Insurance Billing and Coding Specialist Associate Degree
Learn what an insurance billing and coding specialist does on the job and places where these professionals might work. Get information about degree options in the field and certifications that are available.
What Is an Insurance Billing and Coding Specialist?
As the insurance industry becomes more and more important to the medical field, the need for people who can process medical bills is increasing. In order to pay medical bills efficiently, insurance companies need them to be coded properly. The people who perform this function are referred to as insurance billing and coding specialists. As such, they are a type of health information technician. As a billing and coding specialist, you might find work in a variety of facilities including insurance companies, medical centers, doctors' offices, managed care organizations or ambulatory care facilities. The U.S. Bureau of Labor Statistics (BLS) reported that many employers of medical records and health information technicians, including billing and coding specialists, prefer to hire those with an associate's degree (www.bls.gov).
|About The Job||Health information technicians process medical bills; involves work at insurance companies, medical centers, doctors' offices, etc.; employers prefer associate's degree graduates|
|Program Overview||Usually last for 2 years; include courses in medical terminology, finance, ICD-9-CM diagnosis coding, claims processing; internship completion may be required|
|How to Choose a Program||Programs recognized by the Commission on Accreditation for Health Informatics and Information Management Education recommended for ease of credentialing later|
|Employment Outlook (2016-2026)||13% growth (for medical records and health information technicians)*|
|Median Salary (2018)||$40,350 (for medical records and health information technicians)*|
Source: *U.S. Bureau of Labor Statistics
What Does an Associate's Degree Program Entail?
Depending on school practices and curriculum, an associate's degree program dealing with medical billing and coding may consist of 60-105 credits and take you up to two years to complete. You may be able to earn an Associate of Science or Associate of Applied Science a field such as insurance billing and coding, medical billing or medical office technology with a specialty in billing.
Typical courses you might encounter in a program include medical billing, coding and insurance, anatomy and physiology, medical terminology, finance, ICD-9-CM diagnosis coding, claims processing and HCPS coding. Schools may give you the opportunity to participate in an internship or externship at a school-partnered facility.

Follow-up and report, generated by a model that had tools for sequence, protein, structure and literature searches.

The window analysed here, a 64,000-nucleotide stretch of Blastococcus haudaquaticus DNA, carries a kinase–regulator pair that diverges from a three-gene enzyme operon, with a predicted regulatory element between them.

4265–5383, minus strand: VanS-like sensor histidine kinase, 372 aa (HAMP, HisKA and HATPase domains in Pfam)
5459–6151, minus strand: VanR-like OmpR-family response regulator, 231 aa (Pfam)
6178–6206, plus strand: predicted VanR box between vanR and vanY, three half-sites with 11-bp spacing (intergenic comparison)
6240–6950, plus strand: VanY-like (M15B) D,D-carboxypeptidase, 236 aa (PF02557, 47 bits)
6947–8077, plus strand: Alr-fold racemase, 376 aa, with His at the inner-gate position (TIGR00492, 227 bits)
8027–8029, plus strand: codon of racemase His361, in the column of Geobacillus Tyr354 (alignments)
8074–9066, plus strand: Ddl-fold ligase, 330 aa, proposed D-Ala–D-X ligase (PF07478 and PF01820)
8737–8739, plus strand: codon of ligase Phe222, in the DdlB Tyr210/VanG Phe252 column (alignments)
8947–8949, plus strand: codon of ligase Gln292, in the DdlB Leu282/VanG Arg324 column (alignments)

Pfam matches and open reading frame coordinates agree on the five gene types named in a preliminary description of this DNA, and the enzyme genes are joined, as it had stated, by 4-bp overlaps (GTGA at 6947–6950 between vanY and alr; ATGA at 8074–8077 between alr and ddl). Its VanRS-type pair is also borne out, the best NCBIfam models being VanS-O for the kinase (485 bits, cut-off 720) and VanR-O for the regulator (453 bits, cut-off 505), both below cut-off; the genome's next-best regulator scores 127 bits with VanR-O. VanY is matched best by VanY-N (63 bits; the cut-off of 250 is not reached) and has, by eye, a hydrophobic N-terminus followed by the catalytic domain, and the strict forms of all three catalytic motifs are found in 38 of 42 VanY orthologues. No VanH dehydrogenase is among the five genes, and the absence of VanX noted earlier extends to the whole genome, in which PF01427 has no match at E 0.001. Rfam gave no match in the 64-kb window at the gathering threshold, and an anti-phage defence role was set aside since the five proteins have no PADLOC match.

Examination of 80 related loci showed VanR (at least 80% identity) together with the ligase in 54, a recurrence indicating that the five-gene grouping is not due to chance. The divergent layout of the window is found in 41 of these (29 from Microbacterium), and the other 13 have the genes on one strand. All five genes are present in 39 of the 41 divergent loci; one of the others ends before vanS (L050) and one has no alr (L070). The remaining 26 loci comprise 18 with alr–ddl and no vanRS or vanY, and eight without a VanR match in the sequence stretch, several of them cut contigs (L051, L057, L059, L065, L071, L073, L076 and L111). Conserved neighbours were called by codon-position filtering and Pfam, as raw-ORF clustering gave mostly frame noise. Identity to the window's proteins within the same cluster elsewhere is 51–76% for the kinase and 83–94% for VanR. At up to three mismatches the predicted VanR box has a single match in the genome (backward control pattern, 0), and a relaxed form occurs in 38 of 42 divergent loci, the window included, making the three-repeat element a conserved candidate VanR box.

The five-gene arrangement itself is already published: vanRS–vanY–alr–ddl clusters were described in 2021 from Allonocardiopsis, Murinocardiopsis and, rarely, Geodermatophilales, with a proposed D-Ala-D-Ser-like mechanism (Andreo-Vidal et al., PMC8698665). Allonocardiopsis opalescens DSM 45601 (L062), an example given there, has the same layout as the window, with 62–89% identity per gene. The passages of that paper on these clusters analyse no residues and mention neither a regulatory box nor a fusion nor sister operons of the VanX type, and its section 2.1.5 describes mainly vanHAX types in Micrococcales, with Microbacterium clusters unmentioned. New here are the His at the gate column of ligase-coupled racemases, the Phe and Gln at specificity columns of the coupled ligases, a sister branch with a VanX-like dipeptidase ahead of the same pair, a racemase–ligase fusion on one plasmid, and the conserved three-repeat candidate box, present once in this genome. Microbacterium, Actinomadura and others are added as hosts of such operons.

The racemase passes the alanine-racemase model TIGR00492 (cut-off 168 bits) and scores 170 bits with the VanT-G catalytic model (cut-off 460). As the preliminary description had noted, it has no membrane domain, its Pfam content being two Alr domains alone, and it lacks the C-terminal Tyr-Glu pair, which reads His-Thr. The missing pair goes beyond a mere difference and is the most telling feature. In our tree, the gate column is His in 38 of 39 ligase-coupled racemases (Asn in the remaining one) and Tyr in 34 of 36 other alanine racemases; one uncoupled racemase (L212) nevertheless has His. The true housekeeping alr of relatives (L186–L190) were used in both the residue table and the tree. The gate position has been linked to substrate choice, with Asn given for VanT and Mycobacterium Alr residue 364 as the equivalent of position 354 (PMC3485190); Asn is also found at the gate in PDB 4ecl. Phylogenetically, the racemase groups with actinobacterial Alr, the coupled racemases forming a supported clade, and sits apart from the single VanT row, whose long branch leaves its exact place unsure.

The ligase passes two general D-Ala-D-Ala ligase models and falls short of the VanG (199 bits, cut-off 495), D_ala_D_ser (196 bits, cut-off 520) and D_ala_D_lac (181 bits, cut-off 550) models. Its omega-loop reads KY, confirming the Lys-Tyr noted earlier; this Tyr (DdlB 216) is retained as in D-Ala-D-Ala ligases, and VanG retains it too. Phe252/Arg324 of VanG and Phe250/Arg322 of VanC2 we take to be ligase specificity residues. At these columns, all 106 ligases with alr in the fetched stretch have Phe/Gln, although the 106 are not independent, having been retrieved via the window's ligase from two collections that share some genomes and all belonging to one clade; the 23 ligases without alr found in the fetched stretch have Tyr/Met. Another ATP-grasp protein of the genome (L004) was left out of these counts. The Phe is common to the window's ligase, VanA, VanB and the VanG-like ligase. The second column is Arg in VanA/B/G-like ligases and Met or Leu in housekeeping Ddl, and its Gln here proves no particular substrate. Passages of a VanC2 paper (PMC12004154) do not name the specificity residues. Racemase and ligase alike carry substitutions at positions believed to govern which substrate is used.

If your personal or business schedule precludes in-person participation in a program, schools may allow you to fulfill most of your requirements online. If the program includes internships, labs or practicums, you may be required to complete those components in a live setting. Generally, your school can reach an agreement where you can complete the in-person requirements at a facility near your home.
What Should I Look for in a Program?
When considering an insurance billing and coding program, you may want to look for programs recognized by the Commission on Accreditation for Health Informatics and Information Management Education (CAHIIM). This organization is an arm of the American Health Information Management Association. Some certifications, such as the American Health Information Management Association's Registered Health Information Technician (RHIT) credential, require applicants to have completed a CAIIM-accredited program; passing an exam is also required to earn your RHIT designation.
What Is the Economic Outlook?
In 2019, the U.S. Bureau of Labor Statistics projected employment trends for various occupations over the 10-year period from 2016-2026. During that decade, the increase in employment was predicted to be 13% for medical records and health information technicians. This group also earned a median salary of $40,350 in 2018, according to the BLS.